I have often debated this ‘precedence’ problem with my compatriots here in the UK. The universal consensus is to adopt Rawlings’s solution to Ghana’s problem – Line up the leaders and corrupt officials (past and present) and shoot them, but not before they return their ill-gotten wealth. Failure to cooperate means that their immediate and extended families would be complicit and suffer the same fate. To the reader of this article, this may sound callous and inappropriate and against the fundamental principle of human decency. But desperate times call for desperate measures.
Prayers and talk alone cannot solve Nigeria’s problems. Make no mistake, the majority ethic groups of South Africa dismantled the apartheid structures not because of international support, but because there was no other option but death in struggle.
In the film Godfather, directed by Francis Ford Coppola, Michael Corleone (played by Al Pacino) visited Cuba around the time of the revolution. In the scene, they witnessed a revolutionary blowing himself up rather than be arrested by the police. His partner in crime told Corleone to ignore the action, but Corleone wisely did not and flew back to the States. His words were that the revolutionaries would succeed because they were not afraid of death. True to his words, they succeeded. I suspect that that part of the film is reminiscent of the Fidel Castro’s struggle for power in Cuba.
Don’t get me wrong, I am not a communist. In fact I am a very successful Town Planning Consultant here in the UK and I run my own business. But the message I am trying to put across is that until we as Nigerians take matters into our own hands and target these corrupt and satanic politicians and bureaucrats and force them to experience the penury and hopelessness that millions of Nigerians currently experience, we are condemned to eternal damnation. No amount of prayer will solve our problems. We need to take the bull by the horns and adopt the biblical principle of ‘heaven helps those who help themselves’.
We should adopt the same draconian principles that the Animal Rights Movement have put into perfection in the UK and the US by targeting companies and organisations profiting from research using animals, mainly primates. Some may call this terrorism, but in the long term, it would be successful. Of this I have a firm and unshaken conviction. The one thing that these dubious politicians and brigands fear is death and injury. History and posterity will forgive anyone who dares to follow this path. All peaceful means have been exhausted to stop the looting and mismanagement of our resources to no avail.
I empathise with the various militant groups operating in the Niger Delta, but they seem to have got their priorities wrong by kidnapping foreign expatriates. They should instead kidnap people like Odili and the others who mismanage their resources. Kidnapping foreigners only tarnishes our image abroad. To an average British or Korean or Chinese or Filipinos, these people are simply terrorists, no different from Al Qaeda operatives. The foreigner is not interested in the injustices in the Niger Delta area.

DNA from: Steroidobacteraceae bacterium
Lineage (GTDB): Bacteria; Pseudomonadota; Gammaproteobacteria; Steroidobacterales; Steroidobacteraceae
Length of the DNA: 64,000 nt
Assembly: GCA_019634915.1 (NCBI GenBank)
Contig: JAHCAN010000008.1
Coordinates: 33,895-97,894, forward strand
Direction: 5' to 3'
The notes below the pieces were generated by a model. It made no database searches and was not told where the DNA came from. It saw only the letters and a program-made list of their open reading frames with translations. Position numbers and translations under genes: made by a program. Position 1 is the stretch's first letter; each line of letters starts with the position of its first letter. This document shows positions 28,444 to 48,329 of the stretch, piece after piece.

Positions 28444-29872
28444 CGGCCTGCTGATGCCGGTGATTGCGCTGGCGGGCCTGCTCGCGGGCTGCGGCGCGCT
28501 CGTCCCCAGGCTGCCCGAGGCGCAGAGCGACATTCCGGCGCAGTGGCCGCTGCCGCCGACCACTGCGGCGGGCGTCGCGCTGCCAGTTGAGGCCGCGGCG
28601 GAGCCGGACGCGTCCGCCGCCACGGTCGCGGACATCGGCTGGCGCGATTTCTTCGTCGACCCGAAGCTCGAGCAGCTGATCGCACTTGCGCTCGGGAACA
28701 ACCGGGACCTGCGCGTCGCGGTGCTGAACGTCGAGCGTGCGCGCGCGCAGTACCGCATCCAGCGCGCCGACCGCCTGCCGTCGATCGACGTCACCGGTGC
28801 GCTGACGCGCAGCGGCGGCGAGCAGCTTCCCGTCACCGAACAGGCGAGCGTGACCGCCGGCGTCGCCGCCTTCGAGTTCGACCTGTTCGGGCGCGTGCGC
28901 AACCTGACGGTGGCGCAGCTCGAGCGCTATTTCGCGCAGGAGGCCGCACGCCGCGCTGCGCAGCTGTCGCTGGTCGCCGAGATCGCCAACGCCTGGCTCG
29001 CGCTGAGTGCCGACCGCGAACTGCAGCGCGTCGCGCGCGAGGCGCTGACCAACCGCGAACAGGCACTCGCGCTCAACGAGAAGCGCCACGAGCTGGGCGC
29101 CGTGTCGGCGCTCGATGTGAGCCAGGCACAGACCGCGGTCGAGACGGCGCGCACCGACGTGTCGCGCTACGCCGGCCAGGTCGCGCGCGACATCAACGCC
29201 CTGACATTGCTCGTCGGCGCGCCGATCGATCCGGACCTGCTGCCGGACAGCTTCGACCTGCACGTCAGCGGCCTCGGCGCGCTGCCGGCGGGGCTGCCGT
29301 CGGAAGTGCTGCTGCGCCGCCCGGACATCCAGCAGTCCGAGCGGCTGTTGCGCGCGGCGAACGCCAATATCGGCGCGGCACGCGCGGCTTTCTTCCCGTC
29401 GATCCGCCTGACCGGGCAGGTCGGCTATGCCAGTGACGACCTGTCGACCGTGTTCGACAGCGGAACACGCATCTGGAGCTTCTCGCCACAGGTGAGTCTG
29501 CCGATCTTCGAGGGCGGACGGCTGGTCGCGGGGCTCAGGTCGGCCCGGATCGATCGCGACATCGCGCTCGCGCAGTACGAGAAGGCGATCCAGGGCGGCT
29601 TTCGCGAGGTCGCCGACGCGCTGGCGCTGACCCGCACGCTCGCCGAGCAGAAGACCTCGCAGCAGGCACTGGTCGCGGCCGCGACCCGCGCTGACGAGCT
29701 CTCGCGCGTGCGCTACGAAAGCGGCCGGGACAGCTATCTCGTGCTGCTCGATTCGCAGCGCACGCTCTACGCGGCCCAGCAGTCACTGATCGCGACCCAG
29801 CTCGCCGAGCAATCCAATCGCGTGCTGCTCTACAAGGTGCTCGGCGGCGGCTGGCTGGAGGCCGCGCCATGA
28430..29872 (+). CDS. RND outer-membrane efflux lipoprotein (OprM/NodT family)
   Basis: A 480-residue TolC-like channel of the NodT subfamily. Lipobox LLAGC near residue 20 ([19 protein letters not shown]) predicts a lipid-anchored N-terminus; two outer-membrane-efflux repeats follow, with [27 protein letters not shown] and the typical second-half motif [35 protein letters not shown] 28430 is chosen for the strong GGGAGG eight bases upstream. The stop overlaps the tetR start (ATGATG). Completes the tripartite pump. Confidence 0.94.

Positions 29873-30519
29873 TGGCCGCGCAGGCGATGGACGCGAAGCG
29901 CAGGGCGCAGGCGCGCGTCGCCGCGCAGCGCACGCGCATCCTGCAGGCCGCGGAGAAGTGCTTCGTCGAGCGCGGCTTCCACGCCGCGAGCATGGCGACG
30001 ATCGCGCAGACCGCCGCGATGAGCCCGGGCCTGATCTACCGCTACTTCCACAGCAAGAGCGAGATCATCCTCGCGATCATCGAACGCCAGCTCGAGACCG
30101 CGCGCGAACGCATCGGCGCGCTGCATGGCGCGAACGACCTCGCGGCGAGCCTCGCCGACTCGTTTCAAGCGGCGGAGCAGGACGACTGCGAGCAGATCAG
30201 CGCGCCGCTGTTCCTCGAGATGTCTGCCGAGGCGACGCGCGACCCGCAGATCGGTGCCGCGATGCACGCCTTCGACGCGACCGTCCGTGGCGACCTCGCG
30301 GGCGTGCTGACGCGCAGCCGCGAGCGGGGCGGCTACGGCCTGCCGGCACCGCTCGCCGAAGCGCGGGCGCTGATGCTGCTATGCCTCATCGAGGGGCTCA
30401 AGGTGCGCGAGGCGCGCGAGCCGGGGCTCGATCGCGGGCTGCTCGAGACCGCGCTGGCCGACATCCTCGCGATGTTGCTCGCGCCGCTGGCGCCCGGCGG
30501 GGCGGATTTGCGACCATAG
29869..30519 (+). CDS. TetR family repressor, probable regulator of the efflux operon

A taxi driver of Ghanaian descent took me to Heathrow Airport on my way to Lagos last year. This gentleman was so much in tune with the current affairs in Nigeria that he mockingly showed me Umaru Dikko’s grandiose mansion in Hammersmith. His exact statement was that what Umaru Dikko put Nigerians through, can never happen in Ghana. I nearly cried.
The sad thing about the sorry state of the Nigerian nation is that the younger generations do not know better. When I was in Nigeria last year, I engaged in a dialogue with a University Undergraduate, whom I have known since he was born. I told him in no uncertain terms that if Babangida returns to power, that would be the end of Nigeria. His emphatic conviction was that Nigeria would improve. I was alarmed and asked him why. His response was that Babangida would facilitate corruption and in his words allow everybody to chop. Babangida’s motto according to him is ‘You chop I chop’. At that very moment, I lost hope and firmly believe that I will never see a better Nigeria in my life time.
Nigeria’s politicians and power brokers are like a malignant tumour that feed on the organs of the body. Unless they are wiped out (I mean literally) there is no salvation for this great country of ours.
I remain angry, but take comfort in that my dreams may yet come to fruition in my lifetime. Any volunteers?